Despite this public tolerance, however, the possession, sale, distribution and cultivation of marijuana and its many derivatives remains a criminal offence punishable under federal law in both countries. In the US, marijuana is classified as a Schedule I narcotic under the Controlled Substances Act of 1970, while in India it is included in the Narcotic Drugs and Psychotropic Substances (NDPS) Act of 1985. Punishments in India range from rehabilitation to a 20-year prison sentence – apart from monetary penalties – depending on the severity of the crime.
Conspiracy theorists assign the blame for this marijuana witch-hunt to pretty much every corporate or political body – the tobacco lobby, pharmaceutical industry, sellout doctors, Canadian loggers, white supremacists, renegade legislators, and even the illuminati – but the only real culpability belongs to the US Administration and its then-Chief Richard Nixon. Backed by the misemployed powers of the US Government and what is now considered to be deeply unscientific research, Nixon strong-armed scores of countries – including India – to outlaw hundreds of chemicals and substances found by uninformed and under-informed scientists to be “harmful to the human body and mind”. The fledgling Indian Legislature, coerced by thuggish US envoys and a variety of United Nations Conventions also spearheaded by the US, had little choice but to take arms alongside in this pointless “war”.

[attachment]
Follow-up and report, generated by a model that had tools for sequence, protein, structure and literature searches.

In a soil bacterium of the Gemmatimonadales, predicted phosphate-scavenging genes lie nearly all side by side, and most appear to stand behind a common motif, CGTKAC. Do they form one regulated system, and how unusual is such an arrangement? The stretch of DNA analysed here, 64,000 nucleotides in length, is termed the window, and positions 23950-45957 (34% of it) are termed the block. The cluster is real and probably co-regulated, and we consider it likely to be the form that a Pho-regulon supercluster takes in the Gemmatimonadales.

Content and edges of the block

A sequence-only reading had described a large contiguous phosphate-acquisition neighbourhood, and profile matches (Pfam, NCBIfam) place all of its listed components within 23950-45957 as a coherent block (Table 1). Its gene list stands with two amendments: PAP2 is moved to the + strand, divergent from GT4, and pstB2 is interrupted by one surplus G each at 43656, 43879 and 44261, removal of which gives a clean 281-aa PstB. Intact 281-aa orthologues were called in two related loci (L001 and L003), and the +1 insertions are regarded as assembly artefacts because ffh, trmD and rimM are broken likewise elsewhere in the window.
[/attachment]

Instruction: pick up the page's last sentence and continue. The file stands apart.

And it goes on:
Now, in the wake of a pyrrhic victory with hundreds of thousands of non-violent prisoners of war, and faced with the possibility of a new and colossal tax avenue, the US is singing a very different tune. And it’s about time India began doing the same. A good place to start would be with decriminalisation.